NORFOLK, Va. — Against the odds, Elaine Green is calling on a powerful ally to help stay fit: Jesus Christ.
A recent evening found Green, 51, at Norfolk's First Baptist Church, shimmying and sliding through a physical fitness workout set to a gospel beat.
"Amaaaazing grace," -- left leg up, and down.
"How sweet the sound," -- step left, step right.
"That saved a wretch, like meeeee," -- and squat, two, three.
By the blood of the lamb, she's gonna win the battle of the bulge.
Keen-eyed marketers in the fitness industry are spicing up their workout offerings with a touch of gospel, soul and hip-hop, tailoring the music and dance in a direct appeal to black consumers.
"They found there was a niche audience to tap into," said Keecha Harris, a spokeswoman for the American Dietetic Assn.
That's because nationwide, black waistlines are expanding. One 2002 study by the Centers for Disease Control and Prevention found 78% of black women ages 20 to 74 were overweight, with about 50% qualifying as obese.
Solutions are showing up on store shelves and TV screens. At Wal-Mart, Benita Perkins' "Taking It to a Higher Ground" DVD sets step aerobics to a background of Kenny Bobien and other popular black gospel artists. On the black-aimed TV One network, fitness guru Donna Richardson Joyner sets brisk workouts to live R&B.
And from New York to Los Angeles, hip-hop yoga classes like the one Arizona-based Ian Lopatin teaches entice blacks who prefer trying the "downward facing dog" position while listening to Snoop Dogg.
"It has roots in their culture," said Lopatin, who tours the country teaching. "If you're doing yoga to Tupac, it doesn't seem so foreign anymore."
Tailoring health messages to blacks is a common-sense response to an obvious market, said Lucille Perez, a health director with the National Assn. for the Advancement of Colored People. In the past, she said, marketers didn't see any value in expanding beyond white consumers.
"It doesn't take a rocket scientist to say if we are a population that is disproportionately obese," she said. "Why wouldn't I develop a market and market to this population."
Packaging fitness for black consumers comes with challenges.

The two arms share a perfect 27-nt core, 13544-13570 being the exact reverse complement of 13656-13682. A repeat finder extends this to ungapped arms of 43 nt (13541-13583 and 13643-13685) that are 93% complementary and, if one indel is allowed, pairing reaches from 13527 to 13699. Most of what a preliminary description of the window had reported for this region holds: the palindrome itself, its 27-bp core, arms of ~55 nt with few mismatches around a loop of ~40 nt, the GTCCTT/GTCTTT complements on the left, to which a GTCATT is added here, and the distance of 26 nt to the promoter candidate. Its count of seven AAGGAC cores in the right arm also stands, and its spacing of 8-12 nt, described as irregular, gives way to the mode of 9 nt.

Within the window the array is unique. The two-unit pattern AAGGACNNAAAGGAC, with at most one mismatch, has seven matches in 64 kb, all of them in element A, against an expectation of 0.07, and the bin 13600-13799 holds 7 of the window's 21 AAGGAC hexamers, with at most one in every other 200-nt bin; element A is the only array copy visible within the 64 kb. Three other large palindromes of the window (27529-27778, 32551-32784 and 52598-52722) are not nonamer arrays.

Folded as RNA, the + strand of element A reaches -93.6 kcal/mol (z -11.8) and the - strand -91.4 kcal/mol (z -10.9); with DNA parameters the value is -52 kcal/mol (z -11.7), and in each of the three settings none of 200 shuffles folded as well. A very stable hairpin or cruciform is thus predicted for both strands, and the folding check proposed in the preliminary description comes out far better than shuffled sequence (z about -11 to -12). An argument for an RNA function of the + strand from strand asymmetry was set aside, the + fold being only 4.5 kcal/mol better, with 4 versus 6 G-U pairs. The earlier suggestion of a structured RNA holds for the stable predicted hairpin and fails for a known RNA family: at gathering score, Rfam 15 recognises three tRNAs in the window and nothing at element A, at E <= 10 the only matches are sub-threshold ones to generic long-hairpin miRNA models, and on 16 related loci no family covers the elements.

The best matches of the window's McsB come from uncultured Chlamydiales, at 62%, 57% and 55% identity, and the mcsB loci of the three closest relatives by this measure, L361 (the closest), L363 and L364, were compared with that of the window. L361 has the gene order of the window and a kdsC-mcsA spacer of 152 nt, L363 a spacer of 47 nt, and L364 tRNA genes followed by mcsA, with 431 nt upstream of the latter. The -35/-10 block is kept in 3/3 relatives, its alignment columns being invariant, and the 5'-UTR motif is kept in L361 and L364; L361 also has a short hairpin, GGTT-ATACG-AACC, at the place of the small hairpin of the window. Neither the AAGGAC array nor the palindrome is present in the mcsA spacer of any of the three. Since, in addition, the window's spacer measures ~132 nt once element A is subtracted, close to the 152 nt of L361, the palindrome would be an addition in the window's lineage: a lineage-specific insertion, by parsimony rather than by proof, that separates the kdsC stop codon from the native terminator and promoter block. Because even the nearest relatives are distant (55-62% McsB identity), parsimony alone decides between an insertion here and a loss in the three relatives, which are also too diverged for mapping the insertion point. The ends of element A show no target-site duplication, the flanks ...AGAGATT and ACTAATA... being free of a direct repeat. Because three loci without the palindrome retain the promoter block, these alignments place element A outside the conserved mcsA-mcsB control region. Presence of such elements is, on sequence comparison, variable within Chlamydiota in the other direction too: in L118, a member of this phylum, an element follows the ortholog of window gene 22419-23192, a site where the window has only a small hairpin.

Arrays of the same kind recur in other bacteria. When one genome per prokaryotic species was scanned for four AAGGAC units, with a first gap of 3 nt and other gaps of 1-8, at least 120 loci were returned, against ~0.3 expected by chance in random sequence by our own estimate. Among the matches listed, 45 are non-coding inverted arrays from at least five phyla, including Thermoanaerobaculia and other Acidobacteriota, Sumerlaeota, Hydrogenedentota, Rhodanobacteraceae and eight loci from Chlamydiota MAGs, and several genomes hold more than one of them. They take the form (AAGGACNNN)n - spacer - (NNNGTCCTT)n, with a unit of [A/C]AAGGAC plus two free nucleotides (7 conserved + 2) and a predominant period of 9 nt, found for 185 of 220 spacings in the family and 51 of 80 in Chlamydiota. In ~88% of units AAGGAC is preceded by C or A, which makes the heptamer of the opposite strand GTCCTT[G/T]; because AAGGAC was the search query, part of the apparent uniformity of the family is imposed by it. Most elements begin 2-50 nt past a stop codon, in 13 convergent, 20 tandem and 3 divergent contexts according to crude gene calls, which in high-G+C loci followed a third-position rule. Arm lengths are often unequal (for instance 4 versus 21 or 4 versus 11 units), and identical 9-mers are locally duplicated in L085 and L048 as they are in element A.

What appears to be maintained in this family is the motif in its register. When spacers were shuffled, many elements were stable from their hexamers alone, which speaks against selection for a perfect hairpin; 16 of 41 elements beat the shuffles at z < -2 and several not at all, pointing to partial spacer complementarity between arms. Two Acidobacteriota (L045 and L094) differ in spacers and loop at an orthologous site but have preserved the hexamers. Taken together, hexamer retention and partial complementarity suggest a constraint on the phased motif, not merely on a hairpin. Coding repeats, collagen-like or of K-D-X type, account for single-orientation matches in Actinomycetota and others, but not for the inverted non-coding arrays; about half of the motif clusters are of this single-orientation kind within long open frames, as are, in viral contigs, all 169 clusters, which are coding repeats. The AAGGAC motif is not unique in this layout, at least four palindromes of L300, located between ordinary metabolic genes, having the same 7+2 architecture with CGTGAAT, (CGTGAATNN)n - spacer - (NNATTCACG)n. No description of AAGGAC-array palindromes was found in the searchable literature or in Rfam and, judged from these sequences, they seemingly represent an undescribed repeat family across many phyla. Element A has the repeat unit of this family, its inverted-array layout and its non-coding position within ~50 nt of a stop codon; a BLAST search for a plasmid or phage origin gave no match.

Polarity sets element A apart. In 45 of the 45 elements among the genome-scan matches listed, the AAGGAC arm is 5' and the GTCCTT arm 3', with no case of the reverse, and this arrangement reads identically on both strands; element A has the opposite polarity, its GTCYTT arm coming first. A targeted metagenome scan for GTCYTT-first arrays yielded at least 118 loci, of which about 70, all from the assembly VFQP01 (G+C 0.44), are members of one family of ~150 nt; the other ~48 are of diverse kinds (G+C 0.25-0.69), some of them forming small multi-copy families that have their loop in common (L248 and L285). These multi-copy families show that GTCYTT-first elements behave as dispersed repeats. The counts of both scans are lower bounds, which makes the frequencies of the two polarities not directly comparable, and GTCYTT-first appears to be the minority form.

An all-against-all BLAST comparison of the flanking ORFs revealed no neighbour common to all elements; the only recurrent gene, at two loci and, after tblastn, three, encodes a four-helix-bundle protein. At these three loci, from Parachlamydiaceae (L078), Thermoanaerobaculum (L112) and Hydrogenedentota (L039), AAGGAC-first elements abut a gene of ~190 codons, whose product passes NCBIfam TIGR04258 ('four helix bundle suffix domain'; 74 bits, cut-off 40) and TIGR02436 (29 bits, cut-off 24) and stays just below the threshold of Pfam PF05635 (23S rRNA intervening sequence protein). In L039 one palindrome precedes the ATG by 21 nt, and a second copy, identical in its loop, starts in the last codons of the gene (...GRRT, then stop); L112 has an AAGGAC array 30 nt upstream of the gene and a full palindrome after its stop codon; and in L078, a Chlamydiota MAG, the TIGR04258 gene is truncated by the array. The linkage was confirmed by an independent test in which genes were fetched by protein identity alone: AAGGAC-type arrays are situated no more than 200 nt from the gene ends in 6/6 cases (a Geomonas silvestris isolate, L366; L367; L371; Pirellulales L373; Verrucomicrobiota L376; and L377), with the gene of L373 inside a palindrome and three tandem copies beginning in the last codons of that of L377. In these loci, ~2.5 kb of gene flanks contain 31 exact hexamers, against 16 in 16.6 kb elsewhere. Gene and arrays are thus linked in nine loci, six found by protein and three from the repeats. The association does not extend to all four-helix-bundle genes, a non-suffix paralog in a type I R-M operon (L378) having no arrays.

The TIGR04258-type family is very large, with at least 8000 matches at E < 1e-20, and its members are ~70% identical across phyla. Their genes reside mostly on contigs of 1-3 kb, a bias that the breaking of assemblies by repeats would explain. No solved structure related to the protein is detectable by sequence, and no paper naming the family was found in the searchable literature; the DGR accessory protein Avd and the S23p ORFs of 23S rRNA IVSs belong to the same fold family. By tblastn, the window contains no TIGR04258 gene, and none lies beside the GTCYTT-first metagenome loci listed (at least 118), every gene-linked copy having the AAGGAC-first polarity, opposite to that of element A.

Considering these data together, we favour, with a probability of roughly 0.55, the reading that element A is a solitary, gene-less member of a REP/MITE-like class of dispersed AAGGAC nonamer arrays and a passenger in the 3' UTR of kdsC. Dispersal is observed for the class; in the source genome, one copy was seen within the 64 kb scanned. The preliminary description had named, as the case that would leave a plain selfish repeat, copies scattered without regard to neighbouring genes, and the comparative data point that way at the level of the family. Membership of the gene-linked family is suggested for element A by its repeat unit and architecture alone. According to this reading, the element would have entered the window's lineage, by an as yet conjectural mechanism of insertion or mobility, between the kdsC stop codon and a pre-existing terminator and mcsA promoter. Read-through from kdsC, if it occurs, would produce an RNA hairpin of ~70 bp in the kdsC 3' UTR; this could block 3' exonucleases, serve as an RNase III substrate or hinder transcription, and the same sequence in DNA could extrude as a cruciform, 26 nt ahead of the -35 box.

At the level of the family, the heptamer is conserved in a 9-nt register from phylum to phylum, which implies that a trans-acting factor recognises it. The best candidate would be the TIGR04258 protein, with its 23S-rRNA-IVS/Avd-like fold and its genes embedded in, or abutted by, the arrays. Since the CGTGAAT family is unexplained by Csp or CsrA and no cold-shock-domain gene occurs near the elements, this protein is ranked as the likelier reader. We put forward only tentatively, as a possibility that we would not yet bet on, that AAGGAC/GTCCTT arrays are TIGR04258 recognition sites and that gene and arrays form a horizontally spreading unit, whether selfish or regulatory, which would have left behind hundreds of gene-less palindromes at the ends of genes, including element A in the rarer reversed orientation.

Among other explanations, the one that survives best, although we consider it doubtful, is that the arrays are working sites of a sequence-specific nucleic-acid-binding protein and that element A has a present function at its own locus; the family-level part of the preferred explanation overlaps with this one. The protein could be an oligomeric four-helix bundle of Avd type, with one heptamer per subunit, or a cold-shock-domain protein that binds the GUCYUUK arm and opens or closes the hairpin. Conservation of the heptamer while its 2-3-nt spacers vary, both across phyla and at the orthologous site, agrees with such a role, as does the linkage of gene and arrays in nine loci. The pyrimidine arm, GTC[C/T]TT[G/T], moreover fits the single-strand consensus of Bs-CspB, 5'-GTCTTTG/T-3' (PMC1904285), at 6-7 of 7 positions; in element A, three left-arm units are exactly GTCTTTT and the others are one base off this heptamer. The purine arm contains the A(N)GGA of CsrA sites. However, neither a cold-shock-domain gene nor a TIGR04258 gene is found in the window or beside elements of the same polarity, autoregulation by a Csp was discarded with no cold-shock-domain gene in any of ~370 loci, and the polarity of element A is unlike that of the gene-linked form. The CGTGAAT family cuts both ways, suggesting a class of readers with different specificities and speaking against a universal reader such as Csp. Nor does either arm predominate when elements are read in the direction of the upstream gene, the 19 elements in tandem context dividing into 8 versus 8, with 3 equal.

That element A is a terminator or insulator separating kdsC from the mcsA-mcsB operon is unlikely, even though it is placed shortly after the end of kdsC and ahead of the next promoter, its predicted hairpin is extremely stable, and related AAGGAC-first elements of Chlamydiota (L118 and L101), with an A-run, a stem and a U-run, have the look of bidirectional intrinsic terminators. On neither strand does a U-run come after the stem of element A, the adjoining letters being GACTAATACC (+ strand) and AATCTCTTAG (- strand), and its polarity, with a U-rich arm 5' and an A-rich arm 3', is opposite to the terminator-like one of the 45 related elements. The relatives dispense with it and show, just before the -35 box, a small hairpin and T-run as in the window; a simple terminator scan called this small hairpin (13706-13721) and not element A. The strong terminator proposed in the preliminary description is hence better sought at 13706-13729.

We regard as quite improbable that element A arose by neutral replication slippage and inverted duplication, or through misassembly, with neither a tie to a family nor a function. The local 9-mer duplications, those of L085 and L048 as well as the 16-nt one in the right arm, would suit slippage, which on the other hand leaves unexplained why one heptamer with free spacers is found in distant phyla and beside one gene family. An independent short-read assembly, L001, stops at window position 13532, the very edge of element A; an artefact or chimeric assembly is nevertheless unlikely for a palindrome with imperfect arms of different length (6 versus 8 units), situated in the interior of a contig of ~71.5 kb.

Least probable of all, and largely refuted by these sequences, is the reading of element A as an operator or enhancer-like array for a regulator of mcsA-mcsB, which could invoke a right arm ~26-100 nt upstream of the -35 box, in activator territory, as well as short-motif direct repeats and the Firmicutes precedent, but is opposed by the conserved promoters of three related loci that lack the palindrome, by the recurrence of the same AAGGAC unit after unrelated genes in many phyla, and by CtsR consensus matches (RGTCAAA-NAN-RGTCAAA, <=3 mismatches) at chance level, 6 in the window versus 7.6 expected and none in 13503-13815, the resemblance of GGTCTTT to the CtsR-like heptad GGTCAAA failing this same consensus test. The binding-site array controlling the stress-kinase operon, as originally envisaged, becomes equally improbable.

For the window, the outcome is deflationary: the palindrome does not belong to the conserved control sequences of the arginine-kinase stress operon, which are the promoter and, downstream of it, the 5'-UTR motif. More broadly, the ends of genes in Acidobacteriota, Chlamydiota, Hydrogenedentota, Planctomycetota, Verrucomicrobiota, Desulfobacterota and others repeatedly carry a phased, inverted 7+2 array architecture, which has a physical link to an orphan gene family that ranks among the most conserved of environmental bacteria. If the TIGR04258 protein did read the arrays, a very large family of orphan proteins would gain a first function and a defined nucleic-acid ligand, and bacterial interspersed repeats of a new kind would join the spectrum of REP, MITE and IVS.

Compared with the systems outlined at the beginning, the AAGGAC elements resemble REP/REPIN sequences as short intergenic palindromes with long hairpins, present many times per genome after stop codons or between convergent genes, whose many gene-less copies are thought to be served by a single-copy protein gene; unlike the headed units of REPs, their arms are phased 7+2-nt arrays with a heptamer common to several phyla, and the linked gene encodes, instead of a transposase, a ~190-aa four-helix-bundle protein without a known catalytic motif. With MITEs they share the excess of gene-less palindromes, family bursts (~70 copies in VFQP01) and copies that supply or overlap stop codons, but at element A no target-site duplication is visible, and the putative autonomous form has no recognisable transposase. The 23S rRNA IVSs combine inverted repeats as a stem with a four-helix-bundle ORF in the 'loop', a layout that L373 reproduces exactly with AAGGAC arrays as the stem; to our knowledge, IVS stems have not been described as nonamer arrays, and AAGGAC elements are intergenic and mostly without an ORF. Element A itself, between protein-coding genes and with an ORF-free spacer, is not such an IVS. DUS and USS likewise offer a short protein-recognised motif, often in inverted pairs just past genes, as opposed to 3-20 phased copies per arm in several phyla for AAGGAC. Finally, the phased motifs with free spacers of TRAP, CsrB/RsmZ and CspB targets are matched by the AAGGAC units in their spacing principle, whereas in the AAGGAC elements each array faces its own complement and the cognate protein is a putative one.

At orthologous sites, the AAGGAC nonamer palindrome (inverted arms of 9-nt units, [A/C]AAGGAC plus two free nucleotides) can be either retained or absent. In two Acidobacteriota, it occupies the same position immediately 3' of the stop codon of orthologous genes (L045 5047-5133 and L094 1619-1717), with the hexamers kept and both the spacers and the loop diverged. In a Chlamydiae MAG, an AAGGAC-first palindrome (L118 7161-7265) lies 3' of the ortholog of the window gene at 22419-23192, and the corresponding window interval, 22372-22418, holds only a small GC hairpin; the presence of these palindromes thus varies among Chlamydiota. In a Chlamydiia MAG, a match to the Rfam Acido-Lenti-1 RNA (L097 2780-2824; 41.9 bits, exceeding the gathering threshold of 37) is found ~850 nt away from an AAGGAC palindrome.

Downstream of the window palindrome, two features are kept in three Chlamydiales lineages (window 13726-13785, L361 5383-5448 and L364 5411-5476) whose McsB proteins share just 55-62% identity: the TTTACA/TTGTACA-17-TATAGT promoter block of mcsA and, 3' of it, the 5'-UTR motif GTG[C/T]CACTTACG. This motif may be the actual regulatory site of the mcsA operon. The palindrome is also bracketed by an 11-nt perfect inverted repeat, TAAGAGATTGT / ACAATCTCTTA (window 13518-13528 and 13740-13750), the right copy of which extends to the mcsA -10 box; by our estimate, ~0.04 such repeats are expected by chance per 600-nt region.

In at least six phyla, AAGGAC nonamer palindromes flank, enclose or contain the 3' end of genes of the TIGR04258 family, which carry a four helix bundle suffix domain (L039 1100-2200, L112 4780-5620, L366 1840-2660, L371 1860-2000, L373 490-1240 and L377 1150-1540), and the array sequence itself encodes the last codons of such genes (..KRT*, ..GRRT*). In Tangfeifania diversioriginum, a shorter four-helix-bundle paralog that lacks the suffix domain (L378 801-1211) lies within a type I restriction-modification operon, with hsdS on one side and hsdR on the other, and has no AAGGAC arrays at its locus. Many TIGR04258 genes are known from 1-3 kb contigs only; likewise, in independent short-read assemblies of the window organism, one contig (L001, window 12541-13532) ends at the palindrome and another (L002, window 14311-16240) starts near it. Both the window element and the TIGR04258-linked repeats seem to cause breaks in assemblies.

In the mid-1990s, University of Pennsylvania epidemiology professor Shiriki Kumanyika interviewed 53 black men and women and found that many viewed exercise as excess work that could do more harm than good.
Some thought it would aggravate high blood pressure and add to stress -- already running high for many blacks. These men and women overemphasized rest, some calling sleep even more important than exercise. That "rest ethic" goes back to slavery, Kumanyika said.
"Stories that are passed down through generations are that people were brought here and forced to work," she said. "It's kind of logical to think that the idea of not having to do this physical labor would be something that would be valued."
Those surveyed also thought blacks worked disproportionately strenuous jobs and therefore got enough exercise during the day.
"Most jobs we've got are going to work in jobs like janitors," one said. "We're going to work ourselves to the bone."
That belief held true even among desk workers, Kumanyika said.
"People might think of themselves as hardworking people to come home and rest," she said. "In fact, their jobs may be sedentary."
But for many black Americans, failure to exercise comes down to priorities and exposure, said John Grant, executive director of the 100 Black Men of Atlanta. The group's yearlong health challenge promotes exercise among black men by providing pedometers and encouraging fitness goals.
Grant said exercise hadn't historically been emphasized in black homes, and that exposure to things such as expensive gyms often was limited. Many blacks, he said, are focused on economic survival, making regular exercise "not one of those things that are high on our priority list."
He's among those who think incorporating black exercise instructors and some soul music could change things.
"If you can see a reflection of yourself as part of that, one becomes more inspired," said Grant, who watches Richardson Joyner's show. "They may be exercising to music I like or that is more culturally attuned."
Back at First Baptist, Tuesday night gospel aerobics class resembles a cozy family reunion.
The 15 or so women warm up to hip-hop before shifting into a gospel-driven version of the Electric Slide.
Moments later, they break into groups and take turns at exercise devices set up around the room.
In the center, one group of women hoots "Go Lula, go Lula," as another furiously whips a hula hoop around her sturdy waist.
All are black women. All are at risk for obesity. And all are trying to buck the trend with a little bit of soul.
"It's a cultural thing, a gospel thing," said Rebecca Brown, 70. "I just can't stop coming."